Continuous Integration

In October 2016, the CASA team will begin using the new Atlassian software suite. The suite includes a newer version of JIRA, the BitBucket revision control system (which uses git under the hood), the Bamboo continuous integration server, and the Confluence internal documentation server (similar to a wiki) and calendar system. Developer instructions on the details of using each of these systems will be provided before the transition, but we first need to decide on the overall development, build, and test workflow. To leverage the power of this suite of software some changes need to be made to our current workflows. This document describes the current proposed workflow.

The continuous integration process includes building, verifying, and validating the CASA code base. 

Work request details will be captured in JIRA tickets. The JIRA ticket workflow is described in the DMSD Software Development Processes document. The build and test workflow is designed to work in conjunction with the JIRA ticket workflow.

git Nomenclature

If you are unfamiliar with the distributed revision control paradigm used by git, this section will explain some important terms used below. Please also review Revision Control Processes.

Within git the top-level branch is the 'master'. To begin work on a new issue you will first create a branch from master. All code changes related to your issue will be made on this branch and when the work is complete and fully tested the branch will be merged back to master.

In distributed revision control, each code contributor has a 'clone' (or copy) of the full repository. The source repository from which your clone was derived is called the 'origin'. In the normal workflow described below, origin exists on the BitBucket server and is monitored by the Bamboo continuous integration system. If you create a branch using the BitBucket/JIRA web interface and then clone the BitBucket repository to your local machine, you will have a local copy of the master branch and can then check out the new branch to begin development.

Your code changes should be made and committed on your branch in your local cloned repository. When you are ready to share your committed changes with others, you can push your changes to origin.  This will trigger automated and manual processes, described below.  When your work has been fully tested and you are ready to merge changes back to master, you initiate a 'pull request'.  The person responsible for merging changes to master will review your request and pull your changes into the master branch.

Code changes while in the JIRA "Scheduled" state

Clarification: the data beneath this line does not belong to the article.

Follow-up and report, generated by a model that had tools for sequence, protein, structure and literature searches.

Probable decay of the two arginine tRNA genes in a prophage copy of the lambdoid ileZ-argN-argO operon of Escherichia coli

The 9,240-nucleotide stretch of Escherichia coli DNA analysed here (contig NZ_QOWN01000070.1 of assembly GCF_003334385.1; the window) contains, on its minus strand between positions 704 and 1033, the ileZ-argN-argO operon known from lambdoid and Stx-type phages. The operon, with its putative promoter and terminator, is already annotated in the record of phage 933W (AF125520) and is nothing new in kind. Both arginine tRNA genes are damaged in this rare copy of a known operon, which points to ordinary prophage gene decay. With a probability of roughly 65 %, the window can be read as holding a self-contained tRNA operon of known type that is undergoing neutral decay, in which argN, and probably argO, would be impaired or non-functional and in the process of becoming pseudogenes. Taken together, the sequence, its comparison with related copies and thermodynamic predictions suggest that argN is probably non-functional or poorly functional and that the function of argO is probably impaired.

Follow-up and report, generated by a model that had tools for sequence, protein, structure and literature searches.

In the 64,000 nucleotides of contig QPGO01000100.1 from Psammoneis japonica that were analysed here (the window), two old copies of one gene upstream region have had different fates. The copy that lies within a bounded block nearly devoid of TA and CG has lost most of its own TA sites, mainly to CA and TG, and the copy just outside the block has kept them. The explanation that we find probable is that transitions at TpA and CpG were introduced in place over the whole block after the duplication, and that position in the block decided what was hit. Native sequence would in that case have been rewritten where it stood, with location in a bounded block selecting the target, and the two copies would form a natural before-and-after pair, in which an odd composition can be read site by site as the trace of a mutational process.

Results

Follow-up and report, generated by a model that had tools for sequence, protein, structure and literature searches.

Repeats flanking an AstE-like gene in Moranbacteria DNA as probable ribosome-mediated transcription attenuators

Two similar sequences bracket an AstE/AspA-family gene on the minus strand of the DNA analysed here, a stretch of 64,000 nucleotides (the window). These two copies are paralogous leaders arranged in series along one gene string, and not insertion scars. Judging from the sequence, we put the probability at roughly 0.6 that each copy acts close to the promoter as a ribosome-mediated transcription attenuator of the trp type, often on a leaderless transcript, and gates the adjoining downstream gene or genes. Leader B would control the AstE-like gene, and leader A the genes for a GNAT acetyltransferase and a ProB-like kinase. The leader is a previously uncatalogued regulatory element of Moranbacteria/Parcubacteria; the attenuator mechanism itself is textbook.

Actual development work will be done while a JIRA ticket is in the "Scheduled" state. See Figure 1 for a graphic description of the workflow described here.

Code changes while in the JIRA scheduled state

Type Figure
ID Scheduled workflow
Caption While working on an issue a developer will commit...

When the ticket enters the scheduled state, you will create a branch off of the master branch and check out the branch on your local machine. In the JIRA ticket, click on the "Create branch" link in the right column.  This will take you to a Bitbucket login page.  If you do not have access, email the NRAO helpdesk (web help) to be added to the bitbucket users group. After logging in, a dialog box will guide you through the steps to create a feature/ or bugfix/ branch branched from master.  An Engineering Task should be a feature branch.

In the course of development, you should occasionally push your code changes back to the BitBucket server (origin) after merging your updated master branch into it.   This push will trigger Bamboo to use the CI plan to build your branch and run automated test suite 0 ("package" and "smoke" tests) and test suite 1 ("verification" and "validation" tests) for branches with bugfix/ and feature/ prefixes.  The build and test sequence will take 30 minutes to an hour if successful. This plan does not do any packaging.

The outcome of this build and test will be emailed to you by Bamboo if you add the CI branch to your "Favourite" branches:

  1. After you push your code changes to origin, go to the "Issue Links" section of the JIRA ticket. In the Bamboo Branches list, you should see CASA > CI > [your_branch]. Click this link to log into Bamboo and see the CI build page for this branch.